Ever felt instantly attracted to a stranger but you couldn't figure out why? Though you might have brushed it off as fate or destiny, a recent study has a much more scientific explanation: We may subconsciously be more attracted to strangers when we feel that we can accurately interpret their facial expressions and emotions. If confirmed, the study results will further support the idea that the search for love is ultimately a giant hunt to find someone just like you.

For the study, now published online in Proceedings of the National Academy of Sciences, a team of researchers from several institutions in Germany chose to closely examine the way in which instant attraction between strangers works in the brain. The team had 19 male and 21 female volunteers view videos of six different women as they expressed fear or sadness. The volunteers were then asked to choose which emotion they thought the models were displaying and mark down how confident they were about their choices. The volunteers were also asked before and after seeing the women in the videos to answer questions about them, such as how much they would like to meet them in real life. This was done to gauge their levels of attraction to the different women, according to Medical Xpress.

In a second experiment, a different set of volunteers was asked to watch the same videos of women showing different emotions. This time, however, the group underwent functional magnetic resonance imaging (fMRI) scans to better understand the brain activity that occurred during the viewing. When the researchers combined data from the two experiments, a pattern began to take shape.

The more confident the volunteers were in their ability to correctly identify the models’ emotions, the more attracted to them they felt. The fMRI scans also showed that the reward centers in the volunteers’ brains lit up more when watching women whose emotions they felt they could read with confidence.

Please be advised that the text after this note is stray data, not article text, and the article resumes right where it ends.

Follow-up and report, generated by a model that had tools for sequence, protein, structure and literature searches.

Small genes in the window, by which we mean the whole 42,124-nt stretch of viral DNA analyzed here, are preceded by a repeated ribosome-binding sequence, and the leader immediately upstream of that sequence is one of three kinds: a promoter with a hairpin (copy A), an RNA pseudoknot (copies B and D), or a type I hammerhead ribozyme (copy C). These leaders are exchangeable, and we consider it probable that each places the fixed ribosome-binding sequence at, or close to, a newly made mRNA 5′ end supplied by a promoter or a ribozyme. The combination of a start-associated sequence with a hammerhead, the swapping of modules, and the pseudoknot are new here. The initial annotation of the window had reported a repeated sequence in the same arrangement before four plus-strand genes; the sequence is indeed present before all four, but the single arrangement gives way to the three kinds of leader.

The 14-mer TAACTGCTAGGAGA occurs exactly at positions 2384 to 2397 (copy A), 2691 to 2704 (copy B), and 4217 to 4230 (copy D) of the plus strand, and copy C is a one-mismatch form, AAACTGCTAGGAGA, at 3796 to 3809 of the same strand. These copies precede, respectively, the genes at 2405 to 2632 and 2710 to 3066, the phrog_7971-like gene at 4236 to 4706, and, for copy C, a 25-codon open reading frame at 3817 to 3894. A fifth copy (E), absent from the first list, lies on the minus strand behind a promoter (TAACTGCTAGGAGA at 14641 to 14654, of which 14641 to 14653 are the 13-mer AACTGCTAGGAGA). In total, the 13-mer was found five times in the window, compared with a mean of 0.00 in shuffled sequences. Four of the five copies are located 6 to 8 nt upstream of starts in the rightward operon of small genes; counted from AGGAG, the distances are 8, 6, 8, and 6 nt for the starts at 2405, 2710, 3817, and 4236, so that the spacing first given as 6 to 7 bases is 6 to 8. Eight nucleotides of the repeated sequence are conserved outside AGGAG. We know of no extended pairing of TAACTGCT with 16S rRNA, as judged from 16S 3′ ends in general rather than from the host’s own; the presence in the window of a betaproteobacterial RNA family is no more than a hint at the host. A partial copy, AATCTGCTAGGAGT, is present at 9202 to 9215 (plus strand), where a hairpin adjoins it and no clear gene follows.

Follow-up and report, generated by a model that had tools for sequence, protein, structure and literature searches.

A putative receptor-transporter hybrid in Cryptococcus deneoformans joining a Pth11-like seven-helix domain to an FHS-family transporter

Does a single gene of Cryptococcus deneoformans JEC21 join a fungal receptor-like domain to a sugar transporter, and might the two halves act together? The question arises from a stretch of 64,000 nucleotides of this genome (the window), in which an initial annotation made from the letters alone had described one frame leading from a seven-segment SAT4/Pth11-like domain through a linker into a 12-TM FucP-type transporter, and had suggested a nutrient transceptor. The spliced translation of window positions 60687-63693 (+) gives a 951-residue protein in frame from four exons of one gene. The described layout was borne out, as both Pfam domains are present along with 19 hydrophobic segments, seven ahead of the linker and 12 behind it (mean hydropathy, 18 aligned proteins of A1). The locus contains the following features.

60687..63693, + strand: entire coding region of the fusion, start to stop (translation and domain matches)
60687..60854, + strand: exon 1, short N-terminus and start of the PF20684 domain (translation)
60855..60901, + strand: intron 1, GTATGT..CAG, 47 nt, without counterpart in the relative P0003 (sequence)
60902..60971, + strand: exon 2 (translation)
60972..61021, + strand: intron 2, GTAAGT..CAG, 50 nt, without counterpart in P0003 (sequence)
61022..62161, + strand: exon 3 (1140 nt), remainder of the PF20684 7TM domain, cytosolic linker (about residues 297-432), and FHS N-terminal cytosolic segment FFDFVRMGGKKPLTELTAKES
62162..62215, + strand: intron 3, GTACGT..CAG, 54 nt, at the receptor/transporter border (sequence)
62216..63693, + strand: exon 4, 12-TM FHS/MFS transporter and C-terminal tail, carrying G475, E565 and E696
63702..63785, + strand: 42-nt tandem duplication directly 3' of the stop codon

Science has already shown that a person is more likely to be attracted to someone that's similar in every way possible. For example, a recent study of 1,523 pairs found that personalities between both romantic partners and friendship pairs were so common that being similar “could be described as a psychological default” for forming relationships.

“Likeness attracts likeness. It's actually a myth that opposites attract,” Stacy Lynn Harp, a clinically trained marriage and family therapist in Tennessee, previously told Medical Daily. “Those who are seeking people who are similar understand that long-term compatibility is more likely with someone who is like themselves.”

This preference for likeness is so strong, according to Psychology Today, that we even tend to choose partners who physically resemble ourselves or our parents. The current study supports this research. According to the German team, the ability to recognize emotions is an indication of having similar “neural vocabulary.” Believing that you can understand a stranger’s emotions gives you a feeling of understanding and connectedness, which in turn increases how attracted you are to them.

Source: Anders S, de Jong R, Beck C, Haynes JD, Ethofer T. A neural link between affective understanding and interpersonal attraction. PNAS. 2016